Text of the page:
It should be noted that 90 per cent. of our petrol sales—this applies certainly in Scotland—occur in urban areas. A marginal difference in the price of the 90 per cent. of petrol sales would be far more significant than the heavy on-cost that the petrol companies place upon those who run rural stations, who often provide a much wider range of service to the local community than that which is provided by stations in the large urban communities, which are concerned mainly to take a person's money and to wish him on his way as quickly as possible.

I appreciate what my right hon. and learned Friend said in what I thought was a sensitive speech. However, I hope that he will bear in mind the mood of the House of Commons on this issue in future Budgets and that he will do his best to encourage his right hon. and hon. Friends to do what they can to eradicate the anomalies that have occurred in the petrol supply industry.

Mr. J. Grimond (Orkney and Shetland)

The Chancellor's concession on derv will no doubt be welcomed, although it is not as great a concession as that for which Liberals hoped. It will still leave British industry at some disadvantage. I think that the rest of this speech will cause nothing but dismay. Throughout the rural areas there will be widespread disappointment that he finds himself unable to do anything about the increased tax on petrol.

There were two notable features of the right hon. and learned Gentleman's remarks. First, he made no effort to explain how it is that he has changed his view. The views that he expressed about three years ago in the House of Commons were quoted by the right hon. Member for Stepney and Poplar (Mr. Shore). The right hon. and learned Gentleman made stringent attacks upon a proposed increase in the price of petrol of 5p a gallon by the previous Labour Goverment. He did not merely say that it was unnecessary to increase the price by that amount at that time. He said that the proposed increase was discriminatory and that it was a bad tax that would bear especially on a section of people who did not deserve that burden. He made no effort today to explain his changed attitude. One can only assume that he was being extremely cynical in 1977 or that he has no deep foundations for the type of Budget that he produces.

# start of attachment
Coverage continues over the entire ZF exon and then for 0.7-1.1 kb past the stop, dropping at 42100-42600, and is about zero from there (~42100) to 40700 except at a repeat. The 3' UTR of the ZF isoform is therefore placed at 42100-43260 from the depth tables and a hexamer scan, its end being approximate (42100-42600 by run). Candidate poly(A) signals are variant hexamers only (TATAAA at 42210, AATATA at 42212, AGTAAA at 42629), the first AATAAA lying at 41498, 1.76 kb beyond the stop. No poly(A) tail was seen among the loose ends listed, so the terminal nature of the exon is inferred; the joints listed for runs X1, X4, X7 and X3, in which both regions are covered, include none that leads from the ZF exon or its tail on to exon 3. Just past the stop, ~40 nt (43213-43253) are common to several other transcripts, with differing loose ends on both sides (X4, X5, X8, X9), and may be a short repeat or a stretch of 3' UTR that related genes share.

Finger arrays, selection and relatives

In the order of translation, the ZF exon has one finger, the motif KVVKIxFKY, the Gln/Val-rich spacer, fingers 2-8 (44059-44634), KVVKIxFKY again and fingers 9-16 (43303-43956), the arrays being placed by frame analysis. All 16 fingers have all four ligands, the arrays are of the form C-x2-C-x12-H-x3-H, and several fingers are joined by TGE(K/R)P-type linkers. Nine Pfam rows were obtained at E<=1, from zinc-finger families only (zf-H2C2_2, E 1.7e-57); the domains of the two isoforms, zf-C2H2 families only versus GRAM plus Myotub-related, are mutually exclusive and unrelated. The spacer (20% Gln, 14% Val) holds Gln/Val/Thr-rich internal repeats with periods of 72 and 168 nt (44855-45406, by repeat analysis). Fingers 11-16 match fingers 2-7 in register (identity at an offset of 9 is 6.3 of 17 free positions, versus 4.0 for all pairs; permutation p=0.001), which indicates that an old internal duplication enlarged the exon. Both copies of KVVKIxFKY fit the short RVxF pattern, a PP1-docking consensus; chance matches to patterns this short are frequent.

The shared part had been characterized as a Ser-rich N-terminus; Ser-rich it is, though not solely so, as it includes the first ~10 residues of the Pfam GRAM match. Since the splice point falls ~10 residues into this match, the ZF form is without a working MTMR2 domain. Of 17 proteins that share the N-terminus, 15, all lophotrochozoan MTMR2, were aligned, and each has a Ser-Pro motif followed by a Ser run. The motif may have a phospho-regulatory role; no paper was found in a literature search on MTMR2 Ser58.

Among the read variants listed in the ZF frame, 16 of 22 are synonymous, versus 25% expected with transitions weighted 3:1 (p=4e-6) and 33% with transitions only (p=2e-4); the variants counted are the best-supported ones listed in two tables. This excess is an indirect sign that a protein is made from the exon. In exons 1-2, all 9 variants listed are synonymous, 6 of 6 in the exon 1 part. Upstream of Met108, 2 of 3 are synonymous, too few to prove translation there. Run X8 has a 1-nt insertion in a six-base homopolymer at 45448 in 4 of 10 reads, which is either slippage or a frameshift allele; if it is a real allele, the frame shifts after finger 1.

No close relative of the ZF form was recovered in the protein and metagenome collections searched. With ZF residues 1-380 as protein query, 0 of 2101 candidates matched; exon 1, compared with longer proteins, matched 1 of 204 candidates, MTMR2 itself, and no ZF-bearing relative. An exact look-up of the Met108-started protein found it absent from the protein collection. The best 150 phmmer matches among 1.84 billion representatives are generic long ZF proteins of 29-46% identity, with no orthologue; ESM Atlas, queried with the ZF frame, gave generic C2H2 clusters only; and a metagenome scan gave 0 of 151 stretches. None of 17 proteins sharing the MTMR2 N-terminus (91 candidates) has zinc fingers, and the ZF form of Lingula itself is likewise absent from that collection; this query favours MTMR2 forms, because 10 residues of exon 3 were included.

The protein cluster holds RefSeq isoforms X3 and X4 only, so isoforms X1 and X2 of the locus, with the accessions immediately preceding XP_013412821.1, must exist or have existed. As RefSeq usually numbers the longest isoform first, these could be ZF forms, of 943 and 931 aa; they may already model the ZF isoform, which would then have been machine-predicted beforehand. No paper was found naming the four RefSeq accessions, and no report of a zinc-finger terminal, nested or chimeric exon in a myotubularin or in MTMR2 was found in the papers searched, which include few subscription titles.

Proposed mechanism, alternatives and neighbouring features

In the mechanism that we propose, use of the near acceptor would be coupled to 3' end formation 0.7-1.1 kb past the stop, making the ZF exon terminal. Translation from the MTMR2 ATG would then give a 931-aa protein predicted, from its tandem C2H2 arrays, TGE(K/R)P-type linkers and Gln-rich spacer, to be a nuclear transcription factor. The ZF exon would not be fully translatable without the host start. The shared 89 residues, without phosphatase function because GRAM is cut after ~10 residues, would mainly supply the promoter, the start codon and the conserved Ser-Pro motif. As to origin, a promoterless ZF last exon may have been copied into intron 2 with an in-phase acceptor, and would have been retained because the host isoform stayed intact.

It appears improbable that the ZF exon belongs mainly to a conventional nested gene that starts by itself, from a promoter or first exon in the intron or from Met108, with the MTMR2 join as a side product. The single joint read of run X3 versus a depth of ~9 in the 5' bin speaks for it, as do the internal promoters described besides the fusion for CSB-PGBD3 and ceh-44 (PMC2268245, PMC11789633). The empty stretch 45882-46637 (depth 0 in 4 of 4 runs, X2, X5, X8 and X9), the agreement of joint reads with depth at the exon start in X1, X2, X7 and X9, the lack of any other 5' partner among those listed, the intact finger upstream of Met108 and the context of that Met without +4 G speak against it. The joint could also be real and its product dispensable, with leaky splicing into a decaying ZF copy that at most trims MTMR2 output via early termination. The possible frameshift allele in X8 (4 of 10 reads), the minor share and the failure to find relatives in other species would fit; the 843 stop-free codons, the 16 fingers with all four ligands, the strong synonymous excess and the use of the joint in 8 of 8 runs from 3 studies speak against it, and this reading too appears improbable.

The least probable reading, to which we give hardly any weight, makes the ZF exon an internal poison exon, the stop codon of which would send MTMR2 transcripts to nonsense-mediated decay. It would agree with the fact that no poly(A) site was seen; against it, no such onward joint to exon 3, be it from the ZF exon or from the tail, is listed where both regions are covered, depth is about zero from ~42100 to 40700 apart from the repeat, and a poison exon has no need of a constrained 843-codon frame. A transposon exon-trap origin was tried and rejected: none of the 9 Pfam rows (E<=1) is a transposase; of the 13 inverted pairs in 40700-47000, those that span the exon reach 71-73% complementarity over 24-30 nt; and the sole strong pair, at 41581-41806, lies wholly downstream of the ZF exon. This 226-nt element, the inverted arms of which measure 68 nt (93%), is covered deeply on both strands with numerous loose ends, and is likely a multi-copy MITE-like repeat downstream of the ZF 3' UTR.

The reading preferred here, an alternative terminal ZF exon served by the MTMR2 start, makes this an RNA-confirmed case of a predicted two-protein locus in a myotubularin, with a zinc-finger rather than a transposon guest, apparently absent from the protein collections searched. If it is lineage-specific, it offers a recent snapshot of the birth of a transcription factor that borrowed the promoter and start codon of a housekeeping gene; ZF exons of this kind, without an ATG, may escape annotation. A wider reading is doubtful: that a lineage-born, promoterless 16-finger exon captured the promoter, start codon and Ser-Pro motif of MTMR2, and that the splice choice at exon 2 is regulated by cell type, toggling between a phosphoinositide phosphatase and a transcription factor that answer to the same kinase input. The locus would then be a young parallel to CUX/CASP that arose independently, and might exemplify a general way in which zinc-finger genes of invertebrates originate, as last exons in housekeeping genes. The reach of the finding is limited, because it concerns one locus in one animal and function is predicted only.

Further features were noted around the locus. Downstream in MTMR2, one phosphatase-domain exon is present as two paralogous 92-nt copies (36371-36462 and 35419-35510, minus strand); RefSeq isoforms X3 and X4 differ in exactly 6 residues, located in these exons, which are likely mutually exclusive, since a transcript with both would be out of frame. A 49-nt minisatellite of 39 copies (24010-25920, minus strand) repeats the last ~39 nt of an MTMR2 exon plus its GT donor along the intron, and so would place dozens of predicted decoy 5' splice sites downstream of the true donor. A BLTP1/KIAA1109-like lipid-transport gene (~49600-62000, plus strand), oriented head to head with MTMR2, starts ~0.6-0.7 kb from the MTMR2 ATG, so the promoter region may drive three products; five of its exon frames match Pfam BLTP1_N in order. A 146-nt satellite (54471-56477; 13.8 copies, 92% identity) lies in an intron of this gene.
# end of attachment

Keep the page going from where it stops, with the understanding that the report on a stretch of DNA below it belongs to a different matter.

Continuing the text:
It was at a late stage in his speech, and only when he was prodded by one of his hon. Friends in an intervenion, that the right hon. and learned Gentleman mentioned public expenditure. He has to find this extra taxation because the Government have failed to carry out their objectives by reducing public expenditure. They have failed to meet their targets.

I wish to speak particularly about remoter areas, rural areas, farmers and the people who live in my constituency, but there is no doubt that the tax is contrary to the Government's general policy of bringing down the costs of industry and helping it to be economic. It affects a wider range of people than those who live in the rural areas.

This year, my farmers and crofters face a decline in their surplus—if they have a surplus at all—of about 20 per cent. or more in real terms. At the same time, they read that civil servants are going on strike because they are offered only a 7 per cent. increase. The contrast is striking. Agriculture is in a serious condition. In my local paper, there are numerous advertisements for farms for sale and crofts to be disposed of. That was not so before the Conservative Government came to office. The Government are supposed to have feeling for and anxiety about what happens in the farming community and rural areas.

On top of the disquiet in farming, there is the extraordinary increase of 20p on the gallon brought in by a party which strongly objected to an increase of 5p. The Treasury should realise that petrol is not the equivalent of beer or cigarettes, that it is not a luxury on which people squander their money. It is not like French scent which people buy for their wives and girl friends when they go abroad. No Chancellor of the Exchequer would dream of putting such an increase of taxation on clothing. It may be argued that some people occasionally take their cars for a joyride, but some people buy clothes which are of better quality than is needed and some might say that they are extravagant. However, no one lumps clothes with whisky and cigarettes as a commodity on to which the Chancellor can slap on another 20 per cent. or so. As has been said again and again, petrol is not a luxury for people who live in the countryside, but an essential.